Regional Reviews: San Francisco/North Bay
North Bay audiences, however, have a marvelous alternative in the form of Little Women, a musical based on Louisa May Alcott's classic tale of the four March sisters making do with less while their papa is off serving as a chaplain to Union troops in the Civil War. With music by Jason Howland, lyrics by Mindi Dickstein, and a book by Allan Knee, Little Women is a charming, homespun paean to the virtues of self-sufficiency, honesty, duty and charity.
Beyond the laudable lessons Little Women may have for young (and old) audiences, this Spreckels Theatre production deserves your attention as much for the excellence of its performers as for its example of how to struggle through tough times. Spreckels staged this same production in 2015. I loved it then, and this year's version is even better, thanks in large part to even stronger singers and crisp direction from Michael Ross.
The story centers primarily around Jo March, who is second-oldest in the family, but tops when it comes to spunk and ambition. No quiet housewife life is on the horizon for Joshe wants to see the world, and write thrilling stories about everything she sees. As Jo, Sarah Wintermeyer is marvelously energetic, exhibiting the fearless tomboy elan that makes Jo such a beloved character, especially for young women. It doesn't hurt that she is also in possession of a sweet sopranothat can turn fierce when she needs it, especially in the act two closer, "Astonishing."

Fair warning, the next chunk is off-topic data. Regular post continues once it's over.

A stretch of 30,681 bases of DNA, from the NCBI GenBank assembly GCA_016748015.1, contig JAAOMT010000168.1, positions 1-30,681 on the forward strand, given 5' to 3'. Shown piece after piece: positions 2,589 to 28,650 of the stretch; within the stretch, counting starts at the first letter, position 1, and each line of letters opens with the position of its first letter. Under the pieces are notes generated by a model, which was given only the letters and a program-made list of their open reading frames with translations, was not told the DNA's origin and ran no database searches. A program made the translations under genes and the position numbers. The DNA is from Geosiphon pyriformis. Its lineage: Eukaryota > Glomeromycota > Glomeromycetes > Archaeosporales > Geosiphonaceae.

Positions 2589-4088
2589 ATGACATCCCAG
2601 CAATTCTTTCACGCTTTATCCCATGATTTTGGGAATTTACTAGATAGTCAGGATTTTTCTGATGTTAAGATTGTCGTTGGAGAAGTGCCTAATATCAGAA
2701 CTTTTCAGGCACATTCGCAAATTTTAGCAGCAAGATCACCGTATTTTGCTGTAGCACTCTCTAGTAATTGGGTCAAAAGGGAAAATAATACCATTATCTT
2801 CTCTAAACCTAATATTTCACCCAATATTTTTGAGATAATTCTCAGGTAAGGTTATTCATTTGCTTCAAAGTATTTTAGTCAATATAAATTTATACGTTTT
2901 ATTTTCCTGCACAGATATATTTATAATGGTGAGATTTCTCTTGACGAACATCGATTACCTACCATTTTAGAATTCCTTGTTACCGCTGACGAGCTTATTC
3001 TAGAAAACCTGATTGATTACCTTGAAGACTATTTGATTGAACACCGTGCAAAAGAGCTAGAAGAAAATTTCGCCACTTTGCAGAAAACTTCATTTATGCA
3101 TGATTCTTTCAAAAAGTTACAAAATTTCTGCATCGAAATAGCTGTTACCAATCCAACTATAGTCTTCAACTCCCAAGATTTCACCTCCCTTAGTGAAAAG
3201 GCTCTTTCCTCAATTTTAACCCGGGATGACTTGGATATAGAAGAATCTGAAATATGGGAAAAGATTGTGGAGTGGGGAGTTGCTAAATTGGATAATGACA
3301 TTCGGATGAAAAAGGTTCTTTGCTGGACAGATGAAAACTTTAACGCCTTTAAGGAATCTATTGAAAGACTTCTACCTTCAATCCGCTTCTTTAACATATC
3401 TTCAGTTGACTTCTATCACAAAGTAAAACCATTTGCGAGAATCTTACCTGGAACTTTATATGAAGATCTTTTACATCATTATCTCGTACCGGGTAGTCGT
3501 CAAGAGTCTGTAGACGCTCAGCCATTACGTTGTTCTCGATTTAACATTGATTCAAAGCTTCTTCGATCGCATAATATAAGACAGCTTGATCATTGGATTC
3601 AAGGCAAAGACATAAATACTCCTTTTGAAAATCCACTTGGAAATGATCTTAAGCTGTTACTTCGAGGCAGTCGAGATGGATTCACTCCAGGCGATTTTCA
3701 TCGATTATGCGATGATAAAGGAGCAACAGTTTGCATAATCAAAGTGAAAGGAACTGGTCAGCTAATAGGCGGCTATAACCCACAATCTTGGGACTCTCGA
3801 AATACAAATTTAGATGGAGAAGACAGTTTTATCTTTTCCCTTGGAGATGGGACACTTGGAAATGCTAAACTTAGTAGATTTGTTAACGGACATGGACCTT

There really are no weak spots in the cast. The singers are always on pitch, and have a marvelous sense of harmony that is displayed every time they vocalize as a chorus. But special attention should be drawn to newcomer Albert McLeod, whose gorgeous tenor is already a wonderful instrument, but with time could mature into something spectacular. With his dark, wavy hair and sparkling eyes, he will be perfect for any number of romantic leads. (In a decade or so he would make a marvelous Bobby in Company!) Kudos also to Karen Pinomaki who reprises her role as the wealthy Aunt March with a taut superiority that adds a dash of piquancy to the prevailing sweetness of the March girls. Kirstin Pieschke does stellar work as oldest sister Meg, bringing a comfortable, natural ease to her character, seeming perfectly relaxed on stage, but totally committed to her character.
Music director Lucas Sherman also deserves a heavy dose of praise for leading his tiny ensemble (himself on piano, Lisa Doyle on violin, and Carol Vines on cello) with energy and verve. They are a marvelous chamber accompaniment that is perfectly in tune with the 19th century New England setting. (As are the costumes created by Pamela Enz.) Attention should also be given to the absolutely perfect sound from designer and engineer Jessica Johnson. Though the Bette Condiotti Experimental Theater is a tiny black box space that these strong singers could probably fill on their own, having them mic'd (and perfectly amplified) ensures the audience doesn't miss a single line of dialogue or gorgeous high note.
Little Women runs through December 17th, 2017, in the Bette Condiotti Experimental Theater at the Spreckels Performing Arts Center, 5409 Snyder Lane, Rohnert Park CA. Shows are Fridays and Saturdays at 8:00 p.m. with matinees at 2:00 p.m. on December 3rd, 9th, 10th, 16th and 17th. Tickets are $28 and are available by calling the box office at 707-588-3400. Box office hours are 12-5 p.m. Tuesday through Saturday. The box office is also open one hour before showtime. Additional information is available at www.spreckelsonline.com.